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British Shetland Ponies

British Shetland Livestock

Use of British Shetland Ponies:  The British Shetland pony hails from the Shetland Islands off northern Scotland. Small equines have inhabited the islands since the Bronze Age. It’s believed British Shetland ponies are related to a cob type of Tundra pony and a mountain pony type from southern Europe crossed with an Oriental horse.

Shetland Islanders used their stout, short-legged ponies to pull carts of peat and seaweed. Shetland ponies came into high demand when the law banned children from coal pits; their docile and willing dispositions allowed them to adapt to the underground environment. The Shetland pony became the first pony to have its own breed society when fanciers formed the Shetland Pony Stud-Book Society in 1890.
Photo courtesy June Brownrich


British Shetland Breed Profile


History of British Shetland Ponies:  The British Shetland pony hails from the Shetland Islands off northern Scotland. Small equines have inhabited the islands since the Bronze Age. It’s believed British Shetland ponies are related to a cob type of Tundra pony and a mountain pony type from southern Europe crossed with an Oriental horse.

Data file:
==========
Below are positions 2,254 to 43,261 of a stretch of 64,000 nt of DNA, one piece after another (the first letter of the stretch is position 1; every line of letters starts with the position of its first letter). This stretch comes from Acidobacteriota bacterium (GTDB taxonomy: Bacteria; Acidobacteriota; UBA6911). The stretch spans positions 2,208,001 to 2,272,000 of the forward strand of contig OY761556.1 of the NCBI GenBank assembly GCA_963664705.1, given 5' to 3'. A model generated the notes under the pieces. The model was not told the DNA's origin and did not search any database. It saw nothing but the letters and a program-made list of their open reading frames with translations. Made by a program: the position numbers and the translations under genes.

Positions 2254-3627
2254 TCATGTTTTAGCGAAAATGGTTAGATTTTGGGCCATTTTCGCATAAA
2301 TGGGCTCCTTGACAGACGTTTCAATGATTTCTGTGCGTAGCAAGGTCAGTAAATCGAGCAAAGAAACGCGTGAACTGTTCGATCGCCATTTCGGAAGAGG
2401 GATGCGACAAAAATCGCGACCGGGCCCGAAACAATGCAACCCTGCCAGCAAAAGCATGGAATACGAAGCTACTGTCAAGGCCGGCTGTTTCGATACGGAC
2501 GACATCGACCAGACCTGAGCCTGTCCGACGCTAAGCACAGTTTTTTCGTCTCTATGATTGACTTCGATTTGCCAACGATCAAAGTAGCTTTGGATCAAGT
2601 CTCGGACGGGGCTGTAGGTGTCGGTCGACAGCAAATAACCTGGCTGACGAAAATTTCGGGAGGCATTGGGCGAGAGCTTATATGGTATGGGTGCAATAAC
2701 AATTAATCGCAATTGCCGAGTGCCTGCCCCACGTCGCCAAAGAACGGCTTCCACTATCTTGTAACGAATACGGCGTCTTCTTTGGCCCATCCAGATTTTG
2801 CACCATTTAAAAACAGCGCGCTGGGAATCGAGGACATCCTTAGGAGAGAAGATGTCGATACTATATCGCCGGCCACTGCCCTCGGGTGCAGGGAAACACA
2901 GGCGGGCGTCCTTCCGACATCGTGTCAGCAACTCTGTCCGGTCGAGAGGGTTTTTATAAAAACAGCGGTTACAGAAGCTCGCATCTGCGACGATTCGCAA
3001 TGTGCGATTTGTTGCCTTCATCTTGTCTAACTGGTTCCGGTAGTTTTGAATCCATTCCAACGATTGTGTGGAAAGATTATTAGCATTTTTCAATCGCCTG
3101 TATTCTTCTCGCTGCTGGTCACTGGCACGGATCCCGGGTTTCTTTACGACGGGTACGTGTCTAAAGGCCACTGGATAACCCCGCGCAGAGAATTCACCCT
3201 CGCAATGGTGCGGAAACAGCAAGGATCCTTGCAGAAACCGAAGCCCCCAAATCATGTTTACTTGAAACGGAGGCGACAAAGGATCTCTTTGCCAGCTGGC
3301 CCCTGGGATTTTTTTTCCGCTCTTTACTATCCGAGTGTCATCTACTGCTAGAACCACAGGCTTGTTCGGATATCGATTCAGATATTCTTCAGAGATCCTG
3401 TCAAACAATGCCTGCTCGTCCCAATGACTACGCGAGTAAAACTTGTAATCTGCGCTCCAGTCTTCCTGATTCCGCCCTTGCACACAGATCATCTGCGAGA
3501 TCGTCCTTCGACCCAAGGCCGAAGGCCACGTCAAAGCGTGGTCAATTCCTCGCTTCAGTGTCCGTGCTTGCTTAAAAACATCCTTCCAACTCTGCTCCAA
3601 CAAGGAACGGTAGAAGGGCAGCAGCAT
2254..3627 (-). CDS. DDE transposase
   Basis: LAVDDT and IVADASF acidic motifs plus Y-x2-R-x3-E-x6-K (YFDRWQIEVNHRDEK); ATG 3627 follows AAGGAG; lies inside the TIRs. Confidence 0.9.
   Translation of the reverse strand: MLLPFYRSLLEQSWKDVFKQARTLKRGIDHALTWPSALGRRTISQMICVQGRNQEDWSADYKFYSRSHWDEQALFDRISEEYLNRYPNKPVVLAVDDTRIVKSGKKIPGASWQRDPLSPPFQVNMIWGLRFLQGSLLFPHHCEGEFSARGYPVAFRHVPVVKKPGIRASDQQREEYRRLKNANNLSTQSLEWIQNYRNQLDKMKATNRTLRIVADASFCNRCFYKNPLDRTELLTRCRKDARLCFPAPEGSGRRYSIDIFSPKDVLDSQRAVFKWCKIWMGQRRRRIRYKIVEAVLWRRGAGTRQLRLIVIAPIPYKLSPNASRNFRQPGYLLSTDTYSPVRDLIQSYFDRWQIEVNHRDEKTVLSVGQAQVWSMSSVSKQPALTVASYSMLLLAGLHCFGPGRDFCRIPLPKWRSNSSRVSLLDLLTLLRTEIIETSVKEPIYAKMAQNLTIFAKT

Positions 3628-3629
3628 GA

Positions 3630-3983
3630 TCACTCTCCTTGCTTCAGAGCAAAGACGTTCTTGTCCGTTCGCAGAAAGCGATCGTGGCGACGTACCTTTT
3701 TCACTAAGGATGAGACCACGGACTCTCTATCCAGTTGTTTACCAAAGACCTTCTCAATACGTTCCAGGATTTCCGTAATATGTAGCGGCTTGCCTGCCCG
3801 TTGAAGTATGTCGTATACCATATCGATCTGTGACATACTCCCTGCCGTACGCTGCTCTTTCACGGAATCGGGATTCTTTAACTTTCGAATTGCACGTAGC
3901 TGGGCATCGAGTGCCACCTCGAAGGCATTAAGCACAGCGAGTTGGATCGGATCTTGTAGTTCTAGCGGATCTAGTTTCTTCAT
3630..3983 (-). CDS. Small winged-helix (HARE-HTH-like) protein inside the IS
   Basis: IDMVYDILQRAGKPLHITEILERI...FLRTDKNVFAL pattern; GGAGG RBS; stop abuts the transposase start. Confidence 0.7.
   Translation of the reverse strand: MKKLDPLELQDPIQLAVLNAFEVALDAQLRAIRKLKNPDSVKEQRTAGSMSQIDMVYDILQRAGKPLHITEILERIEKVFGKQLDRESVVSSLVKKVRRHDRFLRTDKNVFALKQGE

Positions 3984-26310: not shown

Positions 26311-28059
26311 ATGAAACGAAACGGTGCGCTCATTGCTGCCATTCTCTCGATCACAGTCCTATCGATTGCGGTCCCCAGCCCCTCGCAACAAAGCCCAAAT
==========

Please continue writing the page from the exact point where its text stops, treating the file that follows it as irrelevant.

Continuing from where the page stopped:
Shetland Islanders used their stout, short-legged ponies to pull carts of peat and seaweed. Shetland ponies came into high demand when the law banned children from coal pits; their docile and willing dispositions allowed them to adapt to the underground environment. The Shetland pony became the first pony to have its own breed society when fanciers formed the Shetland Pony Stud-Book Society in 1890.

Conformation:  According to Britain’s Shetland Pony Stud-Book Society, today’s height for a British Shetland pony is a minimum of 28 inches to a maximum of 42 inches; these sizes are also historically accurate. The Shetland Pony Society of North America says British Shetland ponies in the U.S. ideally are no more than 44 inches tall with a 46-inch maximum height. British Shetland ponies on both sides of the Atlantic are cobby and broad with small, elegant heads and tiny ears. They have short backs with rounded barrels and strong hindquarters, as well as strong legs with shorter-than-normal cannon bones in relation to their size. British Shetland ponies have long, thick manes and tails and a dense double winter coat to withstand harsh weather. They come in every color except spotted. Intelligence mixed with a strong pony character are hallmarks of this ancient breed.

Special Consideration/Notes on British Shetland Ponies:  There are few purebred British Shetland ponies in North America at this time, though interest in the breed is growing. The Shetland Pony Society of North America registers British Shetlands, though not all SPSNA-registered Shetlands are of British origin.


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